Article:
Palestinian Water Crisis Deepens

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BBC News

Palestinian Water Crisis Deepens


A Palestinian girl fills a bottle with water from a public tap in Khan Younis in the southern Gaza Strip April 20, 2009. Israelis have access to more than four times more water than do Palestinians in the West Bank and Gaza Strip, the World Bank said in a report on Monday. It said that a 1995 interim peace accord that governs the allocation of water has proven inadequate, as the Palestinian Authority has been fragmented by the last eight years of fighting while Israel has improved its own water facilities. (REUTERS/Ibraheem Abu Mustafa)

A World Bank report blames Palestinian mismanagement and Israeli restrictions for severe water shortages in Palestinian areas.

Palestinians get only a quarter of the water Israelis have access to.

The existing problems effect not just daily supply but the development of water resources, water uses and wastewater management.

"Water related humanitarian crisis are in fact chronic in Gaza and parts of the West Bank," says the report.

For their water Palestinians in the West Bank and the Gaza Strip are completely depended on scarce resources controlled by Israel.

This has led to "systematic and severe constraints on Palestinian development of water resources", says the report.

But the Palestinian Authority (PA) too gets part of the blame. It is struggling to establish even a basic water infrastructure and management, concludes the report.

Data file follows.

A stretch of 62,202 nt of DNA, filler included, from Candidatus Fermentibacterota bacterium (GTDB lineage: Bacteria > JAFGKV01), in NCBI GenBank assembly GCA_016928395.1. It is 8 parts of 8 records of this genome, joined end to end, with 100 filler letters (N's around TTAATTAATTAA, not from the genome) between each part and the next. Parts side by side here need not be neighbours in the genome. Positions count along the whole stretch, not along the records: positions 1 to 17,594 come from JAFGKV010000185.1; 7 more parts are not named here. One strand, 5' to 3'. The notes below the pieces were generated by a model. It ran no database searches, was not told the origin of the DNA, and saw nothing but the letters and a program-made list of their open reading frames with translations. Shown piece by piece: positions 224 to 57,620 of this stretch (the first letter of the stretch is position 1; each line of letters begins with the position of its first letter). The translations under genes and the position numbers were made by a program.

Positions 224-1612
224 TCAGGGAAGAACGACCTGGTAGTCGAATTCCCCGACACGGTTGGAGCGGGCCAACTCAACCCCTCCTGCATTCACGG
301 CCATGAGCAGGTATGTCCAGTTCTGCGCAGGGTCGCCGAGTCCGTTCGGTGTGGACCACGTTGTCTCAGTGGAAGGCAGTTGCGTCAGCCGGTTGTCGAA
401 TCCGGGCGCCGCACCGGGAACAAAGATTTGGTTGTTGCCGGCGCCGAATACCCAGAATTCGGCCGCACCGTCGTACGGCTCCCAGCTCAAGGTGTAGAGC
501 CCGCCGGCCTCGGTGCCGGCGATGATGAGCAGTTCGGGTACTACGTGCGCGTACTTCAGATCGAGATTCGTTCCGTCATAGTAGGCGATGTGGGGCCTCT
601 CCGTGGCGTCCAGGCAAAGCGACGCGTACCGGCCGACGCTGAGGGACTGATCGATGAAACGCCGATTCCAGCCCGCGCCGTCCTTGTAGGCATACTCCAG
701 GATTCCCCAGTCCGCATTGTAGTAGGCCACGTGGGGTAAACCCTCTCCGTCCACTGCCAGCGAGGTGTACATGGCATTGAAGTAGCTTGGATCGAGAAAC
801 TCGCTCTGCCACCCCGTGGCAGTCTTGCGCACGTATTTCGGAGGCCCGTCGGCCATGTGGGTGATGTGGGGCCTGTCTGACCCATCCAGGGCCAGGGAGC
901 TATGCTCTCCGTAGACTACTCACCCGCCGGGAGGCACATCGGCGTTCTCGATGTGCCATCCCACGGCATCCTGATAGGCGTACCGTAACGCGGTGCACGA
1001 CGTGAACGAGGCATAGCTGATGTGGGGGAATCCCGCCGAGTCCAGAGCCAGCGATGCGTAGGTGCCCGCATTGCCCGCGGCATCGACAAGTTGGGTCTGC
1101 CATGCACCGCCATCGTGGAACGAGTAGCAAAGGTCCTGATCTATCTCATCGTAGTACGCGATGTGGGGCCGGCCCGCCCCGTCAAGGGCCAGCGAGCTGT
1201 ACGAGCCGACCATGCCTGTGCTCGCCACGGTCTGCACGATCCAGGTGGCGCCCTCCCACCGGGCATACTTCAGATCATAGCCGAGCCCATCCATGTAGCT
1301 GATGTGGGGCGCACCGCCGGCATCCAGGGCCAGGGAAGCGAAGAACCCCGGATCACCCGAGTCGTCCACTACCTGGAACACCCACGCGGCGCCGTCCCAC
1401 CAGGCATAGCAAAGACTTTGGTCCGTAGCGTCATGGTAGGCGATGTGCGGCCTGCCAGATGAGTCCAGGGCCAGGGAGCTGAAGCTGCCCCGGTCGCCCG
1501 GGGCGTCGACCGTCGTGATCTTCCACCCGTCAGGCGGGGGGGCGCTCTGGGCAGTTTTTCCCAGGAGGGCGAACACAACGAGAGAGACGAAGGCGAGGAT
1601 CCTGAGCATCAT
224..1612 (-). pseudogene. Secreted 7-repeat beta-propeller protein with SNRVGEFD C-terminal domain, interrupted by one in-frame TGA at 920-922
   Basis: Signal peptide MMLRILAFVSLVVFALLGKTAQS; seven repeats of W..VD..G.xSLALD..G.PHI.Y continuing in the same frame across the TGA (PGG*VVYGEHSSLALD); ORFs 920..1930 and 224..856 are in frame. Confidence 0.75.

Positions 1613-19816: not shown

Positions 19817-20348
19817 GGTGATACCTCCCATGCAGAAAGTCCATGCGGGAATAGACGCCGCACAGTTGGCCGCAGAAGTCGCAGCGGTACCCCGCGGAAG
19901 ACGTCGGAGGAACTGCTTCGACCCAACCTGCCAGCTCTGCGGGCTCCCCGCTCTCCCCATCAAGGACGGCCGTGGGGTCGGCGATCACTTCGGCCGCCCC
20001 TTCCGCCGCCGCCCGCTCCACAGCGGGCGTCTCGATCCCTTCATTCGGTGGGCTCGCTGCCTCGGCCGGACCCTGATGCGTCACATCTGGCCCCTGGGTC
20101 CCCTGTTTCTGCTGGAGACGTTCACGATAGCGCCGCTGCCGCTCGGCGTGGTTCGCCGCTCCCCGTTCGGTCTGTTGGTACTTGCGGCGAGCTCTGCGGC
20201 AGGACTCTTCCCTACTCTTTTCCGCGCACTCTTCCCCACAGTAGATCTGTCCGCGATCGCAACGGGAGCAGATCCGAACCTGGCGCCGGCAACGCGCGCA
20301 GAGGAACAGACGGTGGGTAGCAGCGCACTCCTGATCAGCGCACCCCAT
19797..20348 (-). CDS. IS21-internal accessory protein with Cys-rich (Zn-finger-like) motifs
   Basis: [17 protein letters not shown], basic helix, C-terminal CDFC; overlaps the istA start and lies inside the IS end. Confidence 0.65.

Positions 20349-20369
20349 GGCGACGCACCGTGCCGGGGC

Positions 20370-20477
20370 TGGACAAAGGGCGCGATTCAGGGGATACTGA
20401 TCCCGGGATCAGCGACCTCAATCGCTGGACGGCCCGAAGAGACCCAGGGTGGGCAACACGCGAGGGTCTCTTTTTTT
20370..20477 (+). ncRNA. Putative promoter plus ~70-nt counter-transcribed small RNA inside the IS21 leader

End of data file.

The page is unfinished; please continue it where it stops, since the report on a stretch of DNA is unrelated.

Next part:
Water supplies continue to "operate in a very inefficient emergency mode, with far reaching economic, social and environmental consequences".

'Grossly misleading'

The mismanagement is made worse by movement and access restrictions which Palestinians live under. As a result Israelis have about four times as much water available to them as people in the West Bank and Gaza.

Israeli officials said the report was "grossly misleading" as Israel has a much more developed industrial sector which could skew the assessment.

But in Gaza 150,000 Palestinians have no access to tap water at all, a report in the Palestine Telegraph says.

According to the local utility provider, several wells have been destroyed during the Israeli offensive earlier this year.

Since then only three out of 80 trucks with spare parts and pipes for the water system have been allowed to enter Gaza.

As a result the severe damages to two wastewater treatment plants could not be repaired and continue to affect water quality.



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